Prograde metamorphism, the progressive transformation of a rock under increasing pressure and temperature conditions, produces large amounts of fluids that have an important role for earthquake generation, arc magmatism, the growth of continental crust and for global geochemical cycles. Despite recent efforts, it remains challenging to recognize and quantify fluid fluxes in natural rocks and to model fluid pathways. The existing petrological modeling techniques are all based on the thermodynamic analysis of single rock types and neglect the chemical changes caused by fluid expulsion and the possible interactions with other rocks. The next frontier in metamorphic petrology is therefore to move our modeling capabilities from an isolated single rock system to an open and multi-rock system, in which fluids can flow in, react and flow out. This concept introduces several challenges from the quantification of fluid-rock interactions in natural samples to the integration of aqueous thermodynamics and fluid dynamics in the petrological models.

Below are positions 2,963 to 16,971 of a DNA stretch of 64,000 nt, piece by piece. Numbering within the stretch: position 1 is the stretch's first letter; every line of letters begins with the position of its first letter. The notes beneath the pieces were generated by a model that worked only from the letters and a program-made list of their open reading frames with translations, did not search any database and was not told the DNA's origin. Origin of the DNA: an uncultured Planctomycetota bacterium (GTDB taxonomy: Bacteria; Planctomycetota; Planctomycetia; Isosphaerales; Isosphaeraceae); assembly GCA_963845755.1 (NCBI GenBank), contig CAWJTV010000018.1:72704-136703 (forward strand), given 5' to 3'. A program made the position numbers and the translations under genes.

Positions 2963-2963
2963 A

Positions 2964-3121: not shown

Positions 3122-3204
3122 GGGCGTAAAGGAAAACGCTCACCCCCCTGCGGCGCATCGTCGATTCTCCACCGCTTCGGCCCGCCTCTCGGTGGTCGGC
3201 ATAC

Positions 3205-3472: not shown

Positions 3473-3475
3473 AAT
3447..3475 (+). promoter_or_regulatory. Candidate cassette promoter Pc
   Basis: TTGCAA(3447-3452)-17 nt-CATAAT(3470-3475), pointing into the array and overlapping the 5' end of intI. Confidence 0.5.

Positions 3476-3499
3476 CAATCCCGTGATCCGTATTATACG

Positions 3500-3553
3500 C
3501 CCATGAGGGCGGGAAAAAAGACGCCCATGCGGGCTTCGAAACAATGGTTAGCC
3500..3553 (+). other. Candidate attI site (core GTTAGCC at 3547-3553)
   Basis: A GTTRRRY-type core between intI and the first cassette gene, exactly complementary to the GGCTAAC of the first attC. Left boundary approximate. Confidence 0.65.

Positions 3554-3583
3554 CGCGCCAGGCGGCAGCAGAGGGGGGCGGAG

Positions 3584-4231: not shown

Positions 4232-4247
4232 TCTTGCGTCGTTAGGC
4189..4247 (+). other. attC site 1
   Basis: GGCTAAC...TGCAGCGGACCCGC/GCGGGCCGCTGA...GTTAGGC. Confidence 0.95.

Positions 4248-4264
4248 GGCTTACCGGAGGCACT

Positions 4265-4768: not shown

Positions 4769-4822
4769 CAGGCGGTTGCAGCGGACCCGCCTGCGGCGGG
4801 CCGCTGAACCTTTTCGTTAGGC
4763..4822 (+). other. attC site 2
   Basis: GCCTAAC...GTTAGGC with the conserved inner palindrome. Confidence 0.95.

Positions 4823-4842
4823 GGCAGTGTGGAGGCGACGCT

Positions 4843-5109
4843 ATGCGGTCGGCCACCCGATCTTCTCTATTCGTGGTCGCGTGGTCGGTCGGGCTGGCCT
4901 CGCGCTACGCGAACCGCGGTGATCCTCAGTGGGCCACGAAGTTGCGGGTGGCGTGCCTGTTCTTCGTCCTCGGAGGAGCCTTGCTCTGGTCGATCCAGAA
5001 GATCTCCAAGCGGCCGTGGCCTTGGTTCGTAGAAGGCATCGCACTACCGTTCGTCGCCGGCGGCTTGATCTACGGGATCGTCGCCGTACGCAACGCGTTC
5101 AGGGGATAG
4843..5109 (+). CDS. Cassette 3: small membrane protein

The primary objective of the project PROMOTING is to develop a brand-new framework for petrological modeling of fluid-rock interactions processes in different, coupled rock types during prograde metamorphism. The models will be calibrated on two key tectonic settings that shaped Earth: subduction of oceanic crust and differentiation of the continental crust. A cutting-edge petrochronological strategy is required to identify at which conditions and when fluid-rock interactions occurred in natural rocks.